It is said that Christ is the Logos (Word) of God [Rev. 19:13] and the Spirit of God [Rom. 8:9; Gal. 4:6], (since He is co-essential) and never separated from the Holy Spirit. Therefore, God has a Logos and a Spirit that are ever with Him, and are also unoriginate and indivisible. For God was never, nor will He ever be, without spirit or reason (logos); One therefore is Three, and these Three are One [1 Jn. 5:7]. God, therefore, has a Logos and Spirit [Jn. 1:1, 2; 1 Cor. 2:11; Eph. 2:18], but not as we have reason and a spirit. I shall give you an example. As the effulgence of the sun leaves it and shines down upon us, yet the radiance and the ray never separate from the disk (star) itself. That is why we name them (the radiance and the ray) ‘sun,’ and do not name them another sun apart from the one. Thus, it is the same when we name God and the Logos of God and the Holy Spirit. We do not name some other God from the One, Who is unoriginate and eternal together with the unoriginate Logos and Spirit [Eph. 2:18]. 
Having begun with the New Testament, he then turns to the Old, seeking to persuade the Muslims, who claim to honor the previous scriptures of the Jews and Christians:
This is how we were taught to believe and confess by Christ Himself, the Logos of God. Not only did Christ teach thus, but Moses also in the Decalogue, which you adopted on your part. When Moses uttered, ‘The Lord our God is one Lord’ [Deut. 6:4], he said three times the One—because he said ‘Lord’ twice and ‘God’ once—in order to reveal the Three in One and the One in Three. From the beginning, Moses desired to reveal that God and the Logos have the Spirit and between Them and with Them is One God. The Creator, Who created everything, said, ‘Let there be light, and there was light’ [Gen. 1:3]. He said, ‘Let the earth bring forth the herb of grass, bearing seed…’ [Gen. 1:11]. Now, without going into detail, as David says, ‘All that God said, came to be’ [Ps. 148:5; 103:32; 135:4-9]. The scriptural verse then, ‘God said, and it came to pass,’ reveals that God has a logos—for a saying cannot be without a word—and by this Logos did all creation come to pass [1 Cor. 8:6]. The Logos of God existed before all creation and is uncreated [Jn. 1:1-3; 17:5, 24; Heb. 1:2]. Since the Logos of God is uncreated, how can He not be God? This is because only God is uncreated.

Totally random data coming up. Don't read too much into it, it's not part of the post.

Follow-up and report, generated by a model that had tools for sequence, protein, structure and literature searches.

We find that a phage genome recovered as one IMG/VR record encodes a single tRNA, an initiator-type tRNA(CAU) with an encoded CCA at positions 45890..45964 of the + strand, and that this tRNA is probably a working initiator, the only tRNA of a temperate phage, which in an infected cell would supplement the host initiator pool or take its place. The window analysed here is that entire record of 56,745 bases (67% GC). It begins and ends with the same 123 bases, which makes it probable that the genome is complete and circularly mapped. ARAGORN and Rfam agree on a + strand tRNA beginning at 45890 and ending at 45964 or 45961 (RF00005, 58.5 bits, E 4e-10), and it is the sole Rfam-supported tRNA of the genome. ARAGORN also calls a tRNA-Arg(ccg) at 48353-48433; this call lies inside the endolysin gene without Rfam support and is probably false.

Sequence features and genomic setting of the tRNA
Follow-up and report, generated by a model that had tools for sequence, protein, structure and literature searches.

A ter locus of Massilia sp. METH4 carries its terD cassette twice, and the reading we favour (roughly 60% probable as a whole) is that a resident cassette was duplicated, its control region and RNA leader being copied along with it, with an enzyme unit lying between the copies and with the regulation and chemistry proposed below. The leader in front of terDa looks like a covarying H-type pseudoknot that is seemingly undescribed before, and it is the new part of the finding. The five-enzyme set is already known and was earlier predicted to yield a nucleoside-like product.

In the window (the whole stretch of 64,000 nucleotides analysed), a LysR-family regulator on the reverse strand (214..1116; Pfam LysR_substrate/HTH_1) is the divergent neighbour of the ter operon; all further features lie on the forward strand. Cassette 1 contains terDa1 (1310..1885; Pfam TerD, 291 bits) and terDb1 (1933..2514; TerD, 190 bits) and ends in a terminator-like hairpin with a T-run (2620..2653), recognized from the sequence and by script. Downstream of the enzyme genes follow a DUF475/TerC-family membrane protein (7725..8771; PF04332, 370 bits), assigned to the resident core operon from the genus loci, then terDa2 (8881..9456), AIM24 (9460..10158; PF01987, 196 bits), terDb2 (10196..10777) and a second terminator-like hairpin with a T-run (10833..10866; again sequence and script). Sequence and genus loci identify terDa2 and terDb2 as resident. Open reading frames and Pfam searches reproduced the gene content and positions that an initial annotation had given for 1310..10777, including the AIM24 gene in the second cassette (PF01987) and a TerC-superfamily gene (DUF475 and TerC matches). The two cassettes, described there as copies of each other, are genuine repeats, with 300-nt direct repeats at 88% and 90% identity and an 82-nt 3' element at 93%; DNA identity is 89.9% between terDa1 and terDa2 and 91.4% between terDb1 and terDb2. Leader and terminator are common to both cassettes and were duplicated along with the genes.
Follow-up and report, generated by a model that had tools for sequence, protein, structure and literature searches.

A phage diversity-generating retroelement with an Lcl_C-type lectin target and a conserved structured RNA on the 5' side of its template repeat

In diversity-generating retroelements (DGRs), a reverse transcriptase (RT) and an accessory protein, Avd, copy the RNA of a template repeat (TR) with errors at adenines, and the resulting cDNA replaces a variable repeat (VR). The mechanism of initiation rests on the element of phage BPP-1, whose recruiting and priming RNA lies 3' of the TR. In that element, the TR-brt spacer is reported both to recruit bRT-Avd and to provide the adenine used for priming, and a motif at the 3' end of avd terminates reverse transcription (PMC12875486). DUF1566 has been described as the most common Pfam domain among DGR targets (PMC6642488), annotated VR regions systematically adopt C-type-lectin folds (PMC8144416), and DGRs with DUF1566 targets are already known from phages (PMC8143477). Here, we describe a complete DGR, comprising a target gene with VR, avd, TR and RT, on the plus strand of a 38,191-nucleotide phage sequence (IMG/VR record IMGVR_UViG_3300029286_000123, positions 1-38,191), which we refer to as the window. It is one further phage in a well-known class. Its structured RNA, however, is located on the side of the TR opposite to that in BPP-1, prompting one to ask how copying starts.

Now let us return to Moses concerning the making of man. He says, ‘And God formed the man of dust of the earth, and breathed upon his face the breath of life, and the man became a living soul’ [Gen. 2:7]. Within the verse, ‘God breathed the breath of life, and the man became a living soul,’ it is revealed that God has a Spirit [Rom. 15:19; 8:9] and that Spirit is creating [Gen. 1:2]. 
The Creator of the soul is solely God. Thus did Job say, ‘The divine Spirit is that which formed me, and the breath of the Almighty that which teaches me’ [Job. 33:4]. 
Thus we see St. Gregory argues for the Trinity primarily on the two-fold basis of God’s wisdom and His will to create; it is impossible for God to be without Logos or Spirit, otherwise He would be both dumb and uncreative. 
Essentially, the Logos, or Word, of God, and God’s Spirit, are of God Himself as He is in His Essence, otherwise the Logos and Spirit could not do that which They do, namely participate in the creation and ordering of the cosmos, nor in the redemption of mankind. This is reminiscent of St. Irenaeus’ description of the Son of God (the Logos) and the Spirit as the “two hands of God,” Who never work in the cosmos without the Other, but always in concert.
Gregory’s approach throughout these encounters is consistent, and as we shall see below, his Muslim interlocutors become quite boisterous and agitated when doctrinal conflicts are raised. Significantly, Gregory presents the scriptural teaching very forthrightly, even though it often goes completely against the Koran, which is stridently and even violently opposed to foundational Christian dogmas (not to mention historical fact, such as the Crucifixion), as can be seen from these examples:
The similitude of Isa [Jesus] before God is as that of Adam; He created him from dust, then said to him: “Be”: And he was. (Sura 3:59)
Say not “Trinity”: desist: It will be better for you: For God is One God: Glory be to Him: (Far Exalted is He) above having a son. . . . (Sura 4:173)